When Q&A becomes A&Q

By Ben Smith - Family & Life Office
Ben Smith (right) on ABC's Q&A.

I was lucky enough to be selected for the audience for the Q&A Special episode on Dying and Euthanasia on 9 November. The last time I visited the ABC Studios in Ultimo was in 2003 when I was interviewed on Triple J about the issue of youth suicide and euthanasia. I had a personal connection to this issue as one of the members of my pro-life youth group had committed suicide a few years earlier and I was trying to honour his memory. During this interview I pointed out that the Australian community spent a lot of money on youth suicide prevention and that it was dangerous for our society to have Dr Phillip Nitschke promoting do-it-yourself death kits made from consumer off-the-shelf items. This angle seemed to resonate with the media as a few weeks later my pro-life youth group got prime time coverage of a protest we held outside of the pro-euthanasia Killing me Softly Conference in Sydney that was addressed by Dr Nitschke.

My recent trip to the ABC was due to the actions of another prominent public figure. During the preparation for the Show back stage we were told by an ABC official that the topic of Q&A had been chosen as a result of the interest that had arisen from a recent lecture given by comedian and media personality Andrew Denton. Denton provided the Di Gribble Argument on October 28 for the Wheeler Centre. In this address, Denton announced the findings of his 8 month investigation into the global state of play of euthanasia and how it could be relevant to Australia. Part of this journey occurred at the 2015 Hope International Symposium on the prevention of euthanasia in Adelaide in 22-23 May that we both attended. This Symposium made a deep impression on me as I heard the voices of a broad coalition of groups that were against the legalisation of euthanasia. At this meeting, Denton sat in the audience listening and taking some notes but he was incredibly poker faced and did not really try and interact with the conference participants. His recent Di Gribble address dismissed the concerns expressed in this conference especially by doctors, disability groups and grieving families and chose to favour the testimony of the medical profession in the Netherlands, Belgium and Oregon USA.

As I took my seat for the show in the back row I was a little bit nervous as this was the first time I participated in a live TV show. My question on the connection between youth suicide and euthanasia was rejected by the ABC so I thought that my role would be limited to a spectator. However a question asked by the person sitting next to me ensured that my face was broadcast to the nation.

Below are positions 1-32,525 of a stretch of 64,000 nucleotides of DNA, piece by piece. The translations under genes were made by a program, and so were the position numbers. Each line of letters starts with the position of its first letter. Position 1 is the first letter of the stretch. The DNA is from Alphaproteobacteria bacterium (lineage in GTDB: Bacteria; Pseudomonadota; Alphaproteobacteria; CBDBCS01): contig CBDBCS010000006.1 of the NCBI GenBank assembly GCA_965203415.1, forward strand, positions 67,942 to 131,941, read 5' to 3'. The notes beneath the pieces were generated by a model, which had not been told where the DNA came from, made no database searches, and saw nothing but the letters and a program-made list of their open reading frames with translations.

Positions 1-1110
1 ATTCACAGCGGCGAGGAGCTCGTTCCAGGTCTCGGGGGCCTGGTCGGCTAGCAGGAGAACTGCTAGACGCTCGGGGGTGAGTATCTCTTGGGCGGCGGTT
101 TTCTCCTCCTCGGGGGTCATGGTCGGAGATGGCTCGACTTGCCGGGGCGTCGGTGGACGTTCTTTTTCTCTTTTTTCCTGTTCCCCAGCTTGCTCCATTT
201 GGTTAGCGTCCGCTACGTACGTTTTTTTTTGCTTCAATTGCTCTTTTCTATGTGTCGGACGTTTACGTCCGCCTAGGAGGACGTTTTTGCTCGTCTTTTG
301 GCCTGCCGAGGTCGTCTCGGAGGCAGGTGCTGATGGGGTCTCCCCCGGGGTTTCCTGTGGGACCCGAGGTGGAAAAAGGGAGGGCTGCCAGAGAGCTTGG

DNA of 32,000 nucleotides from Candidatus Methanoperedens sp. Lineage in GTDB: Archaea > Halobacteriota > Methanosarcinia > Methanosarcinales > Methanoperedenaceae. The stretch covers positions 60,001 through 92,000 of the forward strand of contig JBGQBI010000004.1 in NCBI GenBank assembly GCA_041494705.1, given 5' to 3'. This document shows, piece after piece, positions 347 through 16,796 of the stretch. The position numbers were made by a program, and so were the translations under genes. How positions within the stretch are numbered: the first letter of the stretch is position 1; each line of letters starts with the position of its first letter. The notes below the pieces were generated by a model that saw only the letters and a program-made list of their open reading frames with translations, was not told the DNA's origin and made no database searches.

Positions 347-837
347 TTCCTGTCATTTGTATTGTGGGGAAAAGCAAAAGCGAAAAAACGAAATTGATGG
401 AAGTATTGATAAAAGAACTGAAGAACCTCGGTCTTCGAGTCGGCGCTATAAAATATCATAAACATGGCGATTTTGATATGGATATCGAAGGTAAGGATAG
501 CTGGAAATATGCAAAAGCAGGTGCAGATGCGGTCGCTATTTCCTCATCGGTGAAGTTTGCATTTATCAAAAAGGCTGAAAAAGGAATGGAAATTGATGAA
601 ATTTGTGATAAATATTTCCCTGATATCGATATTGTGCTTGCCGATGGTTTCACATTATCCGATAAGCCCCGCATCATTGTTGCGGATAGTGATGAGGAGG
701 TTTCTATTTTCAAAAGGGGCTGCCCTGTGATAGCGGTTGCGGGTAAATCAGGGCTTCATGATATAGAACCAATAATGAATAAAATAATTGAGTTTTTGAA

In the warm up to the show, Denton admitted that he was nervous as he was usually running a show rather than being one of its guests. Perhaps another source of his nervousness was that his lack of qualifications and relatively short 8 month study into this complex issue would be pitted against people such as panellist Dr Ralph McConaghy who is a palliative care specialist that has treated 5000 people in the lead up to their death. However, despite his nerves, the show host Tony Jones gave Denton almost a free run by letting him top and tail the show. At times it was hard to understand who the actual host of the program was. It illustrated that when a former TV show host becomes a member of the Q&A panel then those who are meant to provide the A can end up controlling the Q. Furthermore it also highlighted a more recent trend associated with the ABC and other media outlets in that on some issues they move from being a broadcaster to an advocate for social and legal change.

Overall the show did involve some healthy discussion of the topic of dying that is not given much air time in our society. But the two palliative care doctors on the panel were not given much of a go by Denton who was quick to jump on their responses and shut down their ability to contribute their rich perspective in any depth. The final word was given to Denton who decided to lambast the medical profession and in an eerie 1970s moment, Denton used the phrase “It’s time” to call for a change in the way the Australian medical profession handles its treatment of the dying. I guess this is what we should expect when a comedian (Andrew Denton) becomes a euthanasia advocate and a euthanasia advocate (Dr Phillip Nitschke) becomes a comedian (at the Edinburgh Fringe Festival in August).

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